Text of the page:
It wasn’t until last year when my mother without any warning and in good health suddenly passed away. I had been very close to her and she was without doubt the best friend I ever had and will ever have. To say there was a massive void left behind that could never be filled was an understatement I was absolutely devastated. She was the nicest woman anyone could ever meet always had a smile for someone and she’d always watch my back.
I’d lost grandparents before and so I knew what grief was but this was on another level completely. I couldn’t believe that this huge loving personality that my mother was had just stopped I refused to believe it. I can only say that what then followed was an intense search for answers to my question ‘where had she gone?’ I devoured information on the internet, I looked into contacting a medium and I read loads of old literature on mediumship from back in it’s heyday.
I then came across the Leslie Flint recordings again and realised I could now listen to them online. I spent months listening to these trying to evaluate them and come to some conclusion as to their authenticity as communications from those in spirit. Of course there are many sceptics who believe the recordings to be faked. My current belief is that the recordings are indeed genuine, it’s not Flint’s voice and actors are not being employed. I’ve heard fake channelling and trance mediumship so I know when something smells as bit iffy. It’s a pity recording devices weren’t available for direct-voice mediums such as Emily French, John C Sloane and Emma Wreidt back in the day.
Anyway what I’m trying to say in a roundabout way is that I didn’t really get into the subject until I had this life changing event in my life that in a way propelled me into this quest for answers as to where my mother’s personality or spirit had gone to. On reflection I think I kind of put things off not really wanting to face up to the fact that my parents would one day not be here and the devastating effect it would have on my life. I didn’t want to face that eventuality. Although I had talked to them about it on the odd occasion and my belief was that some part of us goes on in some other form but I don’t think they were to convinced so I tended to avoid bringing the subject up to much.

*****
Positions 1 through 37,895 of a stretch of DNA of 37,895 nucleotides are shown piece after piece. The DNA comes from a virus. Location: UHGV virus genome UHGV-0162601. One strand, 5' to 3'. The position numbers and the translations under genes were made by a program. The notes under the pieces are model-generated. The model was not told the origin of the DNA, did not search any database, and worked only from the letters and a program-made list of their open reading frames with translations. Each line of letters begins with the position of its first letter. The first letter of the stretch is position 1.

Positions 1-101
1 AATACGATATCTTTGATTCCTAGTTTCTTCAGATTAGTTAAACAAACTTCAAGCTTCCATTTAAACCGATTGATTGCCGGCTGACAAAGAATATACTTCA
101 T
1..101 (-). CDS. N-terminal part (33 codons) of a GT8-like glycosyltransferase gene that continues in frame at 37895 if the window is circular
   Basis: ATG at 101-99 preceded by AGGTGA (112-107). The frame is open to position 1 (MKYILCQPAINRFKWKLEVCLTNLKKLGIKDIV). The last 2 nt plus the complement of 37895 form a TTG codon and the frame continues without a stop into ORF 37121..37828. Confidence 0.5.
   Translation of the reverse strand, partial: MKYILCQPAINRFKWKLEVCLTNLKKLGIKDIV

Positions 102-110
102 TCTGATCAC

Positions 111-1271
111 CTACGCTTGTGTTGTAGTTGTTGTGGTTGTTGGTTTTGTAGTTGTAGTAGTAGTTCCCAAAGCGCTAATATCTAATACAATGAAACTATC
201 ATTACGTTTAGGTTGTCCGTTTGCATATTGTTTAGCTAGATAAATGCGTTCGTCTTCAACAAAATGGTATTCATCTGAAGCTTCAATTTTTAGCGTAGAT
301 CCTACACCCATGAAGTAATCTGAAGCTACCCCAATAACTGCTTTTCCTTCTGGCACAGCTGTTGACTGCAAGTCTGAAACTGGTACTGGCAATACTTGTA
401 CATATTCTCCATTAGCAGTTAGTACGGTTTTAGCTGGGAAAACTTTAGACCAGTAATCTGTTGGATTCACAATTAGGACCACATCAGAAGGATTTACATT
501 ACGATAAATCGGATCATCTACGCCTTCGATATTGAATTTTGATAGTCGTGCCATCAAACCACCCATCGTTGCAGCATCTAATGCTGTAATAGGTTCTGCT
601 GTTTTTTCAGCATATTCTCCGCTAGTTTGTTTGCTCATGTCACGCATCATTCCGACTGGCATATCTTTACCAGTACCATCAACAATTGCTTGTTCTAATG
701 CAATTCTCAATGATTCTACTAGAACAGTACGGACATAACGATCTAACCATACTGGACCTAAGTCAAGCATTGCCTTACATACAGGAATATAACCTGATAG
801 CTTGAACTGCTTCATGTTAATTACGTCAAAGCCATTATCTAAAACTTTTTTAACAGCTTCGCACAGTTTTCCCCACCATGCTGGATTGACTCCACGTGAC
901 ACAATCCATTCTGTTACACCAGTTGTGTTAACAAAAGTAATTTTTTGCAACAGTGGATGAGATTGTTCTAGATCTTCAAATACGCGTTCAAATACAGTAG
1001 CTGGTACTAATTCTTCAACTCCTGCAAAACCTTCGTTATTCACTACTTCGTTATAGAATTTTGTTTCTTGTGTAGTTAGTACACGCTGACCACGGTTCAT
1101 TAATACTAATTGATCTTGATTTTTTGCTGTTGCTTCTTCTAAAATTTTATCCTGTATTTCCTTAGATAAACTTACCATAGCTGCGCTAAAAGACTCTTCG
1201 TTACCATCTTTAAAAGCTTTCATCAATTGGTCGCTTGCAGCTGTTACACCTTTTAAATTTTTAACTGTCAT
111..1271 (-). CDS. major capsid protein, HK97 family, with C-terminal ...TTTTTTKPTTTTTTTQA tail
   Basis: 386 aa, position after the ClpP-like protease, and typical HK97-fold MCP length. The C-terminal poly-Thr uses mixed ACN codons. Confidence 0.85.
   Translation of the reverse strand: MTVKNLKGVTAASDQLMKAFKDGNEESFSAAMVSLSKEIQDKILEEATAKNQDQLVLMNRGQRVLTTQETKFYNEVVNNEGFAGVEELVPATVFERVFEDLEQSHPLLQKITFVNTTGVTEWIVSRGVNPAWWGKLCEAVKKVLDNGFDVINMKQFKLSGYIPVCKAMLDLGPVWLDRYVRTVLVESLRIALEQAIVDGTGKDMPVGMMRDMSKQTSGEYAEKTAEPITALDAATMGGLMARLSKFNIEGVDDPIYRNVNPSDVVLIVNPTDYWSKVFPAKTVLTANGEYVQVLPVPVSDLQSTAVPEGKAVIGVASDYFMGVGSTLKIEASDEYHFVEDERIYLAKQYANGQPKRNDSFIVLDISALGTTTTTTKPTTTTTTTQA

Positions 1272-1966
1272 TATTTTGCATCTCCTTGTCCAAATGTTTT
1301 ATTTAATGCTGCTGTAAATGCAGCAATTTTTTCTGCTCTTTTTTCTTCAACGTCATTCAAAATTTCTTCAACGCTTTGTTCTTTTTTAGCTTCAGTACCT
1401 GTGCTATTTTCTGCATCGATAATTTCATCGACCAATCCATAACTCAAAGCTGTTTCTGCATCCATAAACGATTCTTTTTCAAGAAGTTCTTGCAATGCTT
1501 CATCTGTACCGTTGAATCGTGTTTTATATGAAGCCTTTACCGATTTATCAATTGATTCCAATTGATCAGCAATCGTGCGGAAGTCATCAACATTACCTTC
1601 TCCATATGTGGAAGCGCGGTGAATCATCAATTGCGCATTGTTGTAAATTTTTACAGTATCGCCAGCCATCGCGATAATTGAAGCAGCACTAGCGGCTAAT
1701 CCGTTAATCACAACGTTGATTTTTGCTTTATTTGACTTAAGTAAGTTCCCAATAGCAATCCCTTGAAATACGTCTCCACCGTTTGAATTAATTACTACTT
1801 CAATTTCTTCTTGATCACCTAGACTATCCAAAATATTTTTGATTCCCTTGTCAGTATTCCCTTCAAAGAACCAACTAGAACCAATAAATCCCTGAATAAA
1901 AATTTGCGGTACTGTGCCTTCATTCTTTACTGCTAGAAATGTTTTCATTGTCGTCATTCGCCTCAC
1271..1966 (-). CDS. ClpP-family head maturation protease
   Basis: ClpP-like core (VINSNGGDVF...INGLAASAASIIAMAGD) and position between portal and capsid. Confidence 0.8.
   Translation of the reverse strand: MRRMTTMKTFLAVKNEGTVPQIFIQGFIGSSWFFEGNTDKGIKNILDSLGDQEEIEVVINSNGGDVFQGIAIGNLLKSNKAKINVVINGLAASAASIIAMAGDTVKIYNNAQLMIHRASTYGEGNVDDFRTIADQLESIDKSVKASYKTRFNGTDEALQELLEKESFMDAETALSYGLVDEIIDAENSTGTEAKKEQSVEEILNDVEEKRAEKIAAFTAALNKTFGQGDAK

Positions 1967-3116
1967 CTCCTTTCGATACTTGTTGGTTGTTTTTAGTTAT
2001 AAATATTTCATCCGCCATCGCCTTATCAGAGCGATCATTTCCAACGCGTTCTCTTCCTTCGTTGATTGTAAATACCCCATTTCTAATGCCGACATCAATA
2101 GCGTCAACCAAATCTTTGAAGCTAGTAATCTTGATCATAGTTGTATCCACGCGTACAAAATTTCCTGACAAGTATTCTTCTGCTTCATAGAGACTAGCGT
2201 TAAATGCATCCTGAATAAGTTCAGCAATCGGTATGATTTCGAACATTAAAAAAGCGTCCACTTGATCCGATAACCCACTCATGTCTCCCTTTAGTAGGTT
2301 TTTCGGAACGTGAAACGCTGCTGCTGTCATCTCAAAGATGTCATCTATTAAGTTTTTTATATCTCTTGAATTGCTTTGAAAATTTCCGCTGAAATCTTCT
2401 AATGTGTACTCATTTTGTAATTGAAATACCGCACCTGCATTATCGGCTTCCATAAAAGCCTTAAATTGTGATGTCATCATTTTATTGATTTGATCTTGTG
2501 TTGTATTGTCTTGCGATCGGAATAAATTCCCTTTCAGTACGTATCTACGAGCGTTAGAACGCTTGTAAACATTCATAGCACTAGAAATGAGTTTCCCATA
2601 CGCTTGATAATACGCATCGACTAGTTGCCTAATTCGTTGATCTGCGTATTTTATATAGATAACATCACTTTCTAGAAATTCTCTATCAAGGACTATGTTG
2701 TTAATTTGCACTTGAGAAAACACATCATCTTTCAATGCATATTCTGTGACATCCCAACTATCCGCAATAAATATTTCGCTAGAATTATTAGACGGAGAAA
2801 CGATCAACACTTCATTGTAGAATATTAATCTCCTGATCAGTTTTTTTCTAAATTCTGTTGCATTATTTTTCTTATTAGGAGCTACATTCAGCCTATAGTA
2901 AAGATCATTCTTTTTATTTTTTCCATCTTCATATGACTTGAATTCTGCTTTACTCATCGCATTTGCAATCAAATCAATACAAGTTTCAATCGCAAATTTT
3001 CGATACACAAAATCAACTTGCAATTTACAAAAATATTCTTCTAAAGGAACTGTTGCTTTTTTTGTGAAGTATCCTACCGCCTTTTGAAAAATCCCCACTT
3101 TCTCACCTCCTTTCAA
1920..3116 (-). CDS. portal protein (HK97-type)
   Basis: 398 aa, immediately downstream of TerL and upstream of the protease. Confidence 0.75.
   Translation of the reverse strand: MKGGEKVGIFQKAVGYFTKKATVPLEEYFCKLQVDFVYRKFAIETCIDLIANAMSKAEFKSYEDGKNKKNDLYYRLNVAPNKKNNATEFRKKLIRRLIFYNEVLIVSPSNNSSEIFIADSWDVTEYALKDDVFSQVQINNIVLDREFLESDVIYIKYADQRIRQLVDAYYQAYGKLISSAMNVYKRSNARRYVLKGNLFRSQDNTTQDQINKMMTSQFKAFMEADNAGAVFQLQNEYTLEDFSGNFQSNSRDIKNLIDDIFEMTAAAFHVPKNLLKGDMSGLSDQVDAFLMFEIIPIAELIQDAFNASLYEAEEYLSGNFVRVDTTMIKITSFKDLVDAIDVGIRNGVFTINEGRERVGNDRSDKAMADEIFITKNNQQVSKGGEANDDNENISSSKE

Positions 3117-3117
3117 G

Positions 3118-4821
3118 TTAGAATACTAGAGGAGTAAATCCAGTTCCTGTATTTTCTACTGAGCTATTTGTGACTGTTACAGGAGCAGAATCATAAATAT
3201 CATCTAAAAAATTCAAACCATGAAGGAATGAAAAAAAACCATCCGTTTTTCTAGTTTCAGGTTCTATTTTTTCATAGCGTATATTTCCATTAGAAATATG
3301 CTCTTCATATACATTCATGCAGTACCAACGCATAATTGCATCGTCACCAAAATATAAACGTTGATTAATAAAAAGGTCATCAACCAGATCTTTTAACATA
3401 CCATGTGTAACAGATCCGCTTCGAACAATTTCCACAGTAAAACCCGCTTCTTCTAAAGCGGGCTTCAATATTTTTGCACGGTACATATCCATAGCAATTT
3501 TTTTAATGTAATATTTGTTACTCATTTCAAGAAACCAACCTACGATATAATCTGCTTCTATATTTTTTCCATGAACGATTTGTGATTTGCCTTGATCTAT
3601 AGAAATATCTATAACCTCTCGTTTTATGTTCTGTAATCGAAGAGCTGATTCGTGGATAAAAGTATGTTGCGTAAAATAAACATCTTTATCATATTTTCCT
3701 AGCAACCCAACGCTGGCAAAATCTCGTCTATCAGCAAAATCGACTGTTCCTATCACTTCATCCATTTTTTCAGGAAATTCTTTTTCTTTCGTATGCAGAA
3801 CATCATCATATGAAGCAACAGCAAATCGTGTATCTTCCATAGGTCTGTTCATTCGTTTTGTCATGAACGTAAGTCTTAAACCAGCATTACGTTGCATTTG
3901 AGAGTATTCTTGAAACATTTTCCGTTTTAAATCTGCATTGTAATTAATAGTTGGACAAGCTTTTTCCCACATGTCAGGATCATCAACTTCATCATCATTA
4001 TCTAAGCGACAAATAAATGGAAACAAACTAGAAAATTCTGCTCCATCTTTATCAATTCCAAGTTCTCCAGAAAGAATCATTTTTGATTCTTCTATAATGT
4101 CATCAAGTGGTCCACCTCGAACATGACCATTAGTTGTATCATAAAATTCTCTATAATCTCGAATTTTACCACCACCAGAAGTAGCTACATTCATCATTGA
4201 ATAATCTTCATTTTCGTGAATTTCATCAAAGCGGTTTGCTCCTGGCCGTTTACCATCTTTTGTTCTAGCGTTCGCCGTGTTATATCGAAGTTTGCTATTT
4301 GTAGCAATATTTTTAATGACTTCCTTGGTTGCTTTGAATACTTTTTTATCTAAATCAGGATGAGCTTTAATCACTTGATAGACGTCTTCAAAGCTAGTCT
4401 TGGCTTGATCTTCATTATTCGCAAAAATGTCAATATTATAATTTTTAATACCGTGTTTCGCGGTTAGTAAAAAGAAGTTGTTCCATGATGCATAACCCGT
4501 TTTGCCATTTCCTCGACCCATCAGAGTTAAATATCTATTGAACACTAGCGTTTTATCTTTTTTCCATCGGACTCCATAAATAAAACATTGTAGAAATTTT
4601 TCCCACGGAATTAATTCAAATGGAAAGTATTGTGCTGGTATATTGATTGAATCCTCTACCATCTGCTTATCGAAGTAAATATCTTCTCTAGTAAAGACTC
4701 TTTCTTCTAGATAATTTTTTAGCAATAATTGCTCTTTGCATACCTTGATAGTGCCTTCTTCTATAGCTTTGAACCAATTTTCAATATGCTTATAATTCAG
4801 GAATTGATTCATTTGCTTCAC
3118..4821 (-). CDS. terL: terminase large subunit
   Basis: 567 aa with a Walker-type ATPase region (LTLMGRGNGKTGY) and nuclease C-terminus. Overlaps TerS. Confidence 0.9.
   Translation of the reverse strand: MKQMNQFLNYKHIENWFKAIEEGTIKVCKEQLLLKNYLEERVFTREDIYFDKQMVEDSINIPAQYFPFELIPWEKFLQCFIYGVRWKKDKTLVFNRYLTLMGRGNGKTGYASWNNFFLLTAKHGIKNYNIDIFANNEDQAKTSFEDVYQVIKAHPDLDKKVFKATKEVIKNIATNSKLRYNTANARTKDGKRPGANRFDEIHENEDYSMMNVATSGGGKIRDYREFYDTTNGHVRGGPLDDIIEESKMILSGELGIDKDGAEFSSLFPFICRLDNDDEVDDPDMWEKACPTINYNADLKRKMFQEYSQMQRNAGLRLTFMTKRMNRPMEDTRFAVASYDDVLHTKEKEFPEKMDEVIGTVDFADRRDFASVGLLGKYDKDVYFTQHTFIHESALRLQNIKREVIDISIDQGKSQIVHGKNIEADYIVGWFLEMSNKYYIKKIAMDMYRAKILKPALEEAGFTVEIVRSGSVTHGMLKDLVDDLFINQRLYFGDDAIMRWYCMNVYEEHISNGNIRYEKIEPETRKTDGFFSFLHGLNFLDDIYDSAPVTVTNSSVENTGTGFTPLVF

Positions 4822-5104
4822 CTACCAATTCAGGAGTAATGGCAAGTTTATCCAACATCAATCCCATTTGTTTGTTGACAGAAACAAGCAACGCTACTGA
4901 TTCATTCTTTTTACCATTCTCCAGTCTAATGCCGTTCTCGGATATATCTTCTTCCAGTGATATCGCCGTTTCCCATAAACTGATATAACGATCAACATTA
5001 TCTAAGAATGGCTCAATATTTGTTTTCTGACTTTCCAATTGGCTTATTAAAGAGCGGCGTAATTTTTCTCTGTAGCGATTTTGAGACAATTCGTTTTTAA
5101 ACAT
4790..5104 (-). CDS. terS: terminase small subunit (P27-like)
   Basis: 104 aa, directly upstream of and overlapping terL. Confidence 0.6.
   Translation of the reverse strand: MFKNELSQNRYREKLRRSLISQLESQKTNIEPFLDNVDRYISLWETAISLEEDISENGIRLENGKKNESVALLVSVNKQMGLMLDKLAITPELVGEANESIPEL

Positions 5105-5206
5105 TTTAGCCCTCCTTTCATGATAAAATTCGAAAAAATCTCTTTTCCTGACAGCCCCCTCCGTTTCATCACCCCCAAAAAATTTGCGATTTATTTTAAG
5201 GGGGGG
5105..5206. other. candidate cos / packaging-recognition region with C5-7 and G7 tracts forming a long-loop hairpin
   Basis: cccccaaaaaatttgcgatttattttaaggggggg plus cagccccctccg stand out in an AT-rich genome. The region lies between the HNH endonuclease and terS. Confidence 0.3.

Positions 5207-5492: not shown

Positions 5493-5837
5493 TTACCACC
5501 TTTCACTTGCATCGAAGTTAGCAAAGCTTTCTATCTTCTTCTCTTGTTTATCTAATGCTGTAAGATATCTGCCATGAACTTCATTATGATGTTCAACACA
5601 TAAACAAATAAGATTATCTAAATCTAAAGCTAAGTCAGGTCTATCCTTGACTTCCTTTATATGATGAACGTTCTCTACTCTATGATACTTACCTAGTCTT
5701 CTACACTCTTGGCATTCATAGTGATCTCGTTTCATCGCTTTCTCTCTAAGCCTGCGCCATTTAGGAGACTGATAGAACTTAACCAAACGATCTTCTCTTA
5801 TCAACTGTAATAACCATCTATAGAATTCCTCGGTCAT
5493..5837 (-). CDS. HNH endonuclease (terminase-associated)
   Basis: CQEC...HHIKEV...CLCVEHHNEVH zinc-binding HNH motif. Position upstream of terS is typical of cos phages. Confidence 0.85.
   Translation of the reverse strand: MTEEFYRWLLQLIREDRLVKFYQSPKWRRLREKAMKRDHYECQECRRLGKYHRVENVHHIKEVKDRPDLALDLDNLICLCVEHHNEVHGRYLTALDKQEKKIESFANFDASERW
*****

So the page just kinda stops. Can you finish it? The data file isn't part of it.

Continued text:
One more thing I’d like to add is that within a few days of my mother’s passing I had what I’d describe as the most incredible experience of my life so far. In fact I have said that words cannot describe it because it went far beyond any feeling I have ever encountered. I awoke in the early hours in what I can only describe as a mist that was in very white light. I’ll try and explain but if you can imagine being enveloped in a cocoon of pure love and bliss or a vibration of pure love and bliss the most intense love you could ever imagine then it would come near but maybe if you multiply that by 100. It was like I wanted to stay in it forever like this was home, peace, love, bliss and harmony. It lasted maybe 15 seconds at the most then it was gone and I felt total sadness as whatever it was disappeared. I then sat up and said to myself ‘what was that?’ in total disbelief. I had read about people experiencing similar things but never really understood quite what it must be like but now I knew for myself for sure that these things existed. I hope that others will experience what I have and then they will know for sure that we are far more than what we think we are. It will be an experience that will live with me for the rest of my life. I’d like to think it was my mother telling me that she was still around and without doubt at least it was something connected to her passing as it was to much of a coincidence. The experience has given me much more hope and belief that we do go on after this life. I was in touch with something far beyond description that day a very special gift that I will cherish for the rest of my days.

Dave Harrison, Wed 15 Mar, 14:27